The writer, a visitor to Krueger’s Tavern, has scribbled a Thank-you note. Someone, a few someone’s from Chicago and Tennessee had stopped, stooped and read. Then, she scribbled her own poem on the backside.
What the art is saying is more important than location, right?
I have replaced the poetry twice. While passerbys stop to view our courtyard, they receive the added benefit of interacting with the person inside the gate who cares for the bushes, herbs and flowers. In essence, they are given the gift of my viewpoints of the city, my attempts to connect.
How long will I keep this up? Perhaps I’ll invite friends to submit poems that are city-related, or fashion something similar to “Poets Respond” on Rattle.org, where poets write about a newsworthy event from the past week. I don’t know where the project will lead, but part of my desire to return to the city was to conjure up my own creative force. I will giddily accept the knowledge someone, in the midst of my project, found her own.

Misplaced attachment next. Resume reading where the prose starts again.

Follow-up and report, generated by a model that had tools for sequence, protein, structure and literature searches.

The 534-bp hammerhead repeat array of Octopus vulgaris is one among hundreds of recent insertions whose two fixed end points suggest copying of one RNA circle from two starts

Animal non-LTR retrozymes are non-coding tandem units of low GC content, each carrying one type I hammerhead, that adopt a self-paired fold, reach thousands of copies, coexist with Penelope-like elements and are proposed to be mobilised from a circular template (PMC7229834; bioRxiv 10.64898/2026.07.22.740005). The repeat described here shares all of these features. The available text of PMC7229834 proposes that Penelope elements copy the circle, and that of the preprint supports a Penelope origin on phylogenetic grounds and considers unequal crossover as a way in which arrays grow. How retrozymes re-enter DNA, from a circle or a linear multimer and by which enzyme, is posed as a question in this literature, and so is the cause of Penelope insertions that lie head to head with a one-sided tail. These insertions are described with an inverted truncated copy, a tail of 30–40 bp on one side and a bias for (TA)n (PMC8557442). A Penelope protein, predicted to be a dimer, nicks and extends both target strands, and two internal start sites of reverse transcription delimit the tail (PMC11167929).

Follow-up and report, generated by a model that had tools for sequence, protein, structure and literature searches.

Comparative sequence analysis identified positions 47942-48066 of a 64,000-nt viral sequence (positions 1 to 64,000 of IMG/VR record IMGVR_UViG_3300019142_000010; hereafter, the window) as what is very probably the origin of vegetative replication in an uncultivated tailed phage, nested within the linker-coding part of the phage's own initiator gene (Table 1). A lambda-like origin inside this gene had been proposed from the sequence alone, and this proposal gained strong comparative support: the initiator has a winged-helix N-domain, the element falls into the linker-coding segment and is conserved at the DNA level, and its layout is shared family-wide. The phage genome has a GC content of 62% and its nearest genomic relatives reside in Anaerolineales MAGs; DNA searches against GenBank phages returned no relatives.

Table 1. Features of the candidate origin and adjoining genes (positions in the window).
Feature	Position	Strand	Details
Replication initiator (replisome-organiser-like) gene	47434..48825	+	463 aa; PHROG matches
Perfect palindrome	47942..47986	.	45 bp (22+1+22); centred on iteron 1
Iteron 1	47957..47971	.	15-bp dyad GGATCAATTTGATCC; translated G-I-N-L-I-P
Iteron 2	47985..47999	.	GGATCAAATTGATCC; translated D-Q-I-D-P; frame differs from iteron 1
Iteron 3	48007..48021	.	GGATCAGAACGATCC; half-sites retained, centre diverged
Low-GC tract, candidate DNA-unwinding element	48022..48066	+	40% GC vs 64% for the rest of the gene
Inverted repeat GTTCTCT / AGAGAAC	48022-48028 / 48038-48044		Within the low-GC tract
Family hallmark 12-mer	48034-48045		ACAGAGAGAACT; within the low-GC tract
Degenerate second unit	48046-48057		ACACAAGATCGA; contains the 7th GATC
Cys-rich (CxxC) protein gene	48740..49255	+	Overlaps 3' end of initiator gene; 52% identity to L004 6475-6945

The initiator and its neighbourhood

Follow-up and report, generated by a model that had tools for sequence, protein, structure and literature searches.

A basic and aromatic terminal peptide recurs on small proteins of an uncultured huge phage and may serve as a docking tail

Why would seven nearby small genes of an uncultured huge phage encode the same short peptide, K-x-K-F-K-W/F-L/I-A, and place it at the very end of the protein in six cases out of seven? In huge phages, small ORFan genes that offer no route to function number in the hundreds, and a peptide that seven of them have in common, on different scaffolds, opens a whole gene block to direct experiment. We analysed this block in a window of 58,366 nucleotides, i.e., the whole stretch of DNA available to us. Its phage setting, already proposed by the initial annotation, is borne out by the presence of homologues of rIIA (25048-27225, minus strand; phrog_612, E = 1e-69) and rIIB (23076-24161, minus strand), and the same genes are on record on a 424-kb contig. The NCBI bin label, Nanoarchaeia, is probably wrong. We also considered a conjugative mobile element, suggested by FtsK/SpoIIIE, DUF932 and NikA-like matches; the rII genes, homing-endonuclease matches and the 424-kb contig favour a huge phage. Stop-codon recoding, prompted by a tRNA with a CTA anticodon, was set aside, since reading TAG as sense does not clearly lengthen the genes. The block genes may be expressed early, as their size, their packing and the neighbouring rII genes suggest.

Below is the original poem placed in the box.
The sun pulses
mix tapes and mash ups
of heat and dust,
conditions, clouds hovering
wanting to smother or slow
Later I strip
and find the line
that separates skirt from knees
shorts from thighs.
After fourteen blocks
and a days worth of rays,
the lines have become
a divider on the potholed streets
Arms browned like toast,
Mother runs her hands
across my furred veins
as she does to the African-American women
who look after her body and soul.
She praises them for their smooth skin,
something about the color
appears soft, wanting to be touched.
Perhaps the unfamiliar, or exotic.
Or the tone closely resembles
arms of one she loved,
called “The Cuban,”
burnished into the edges of her mind.
Or, she imagines her own bronze body
lying on the rumpled sand of Lake Erie’s shores
with Czechs, Polacks, Dagos and Blacks,
mixing it up under the sun
‘til they all shared the same shade.
© AJW 6/2015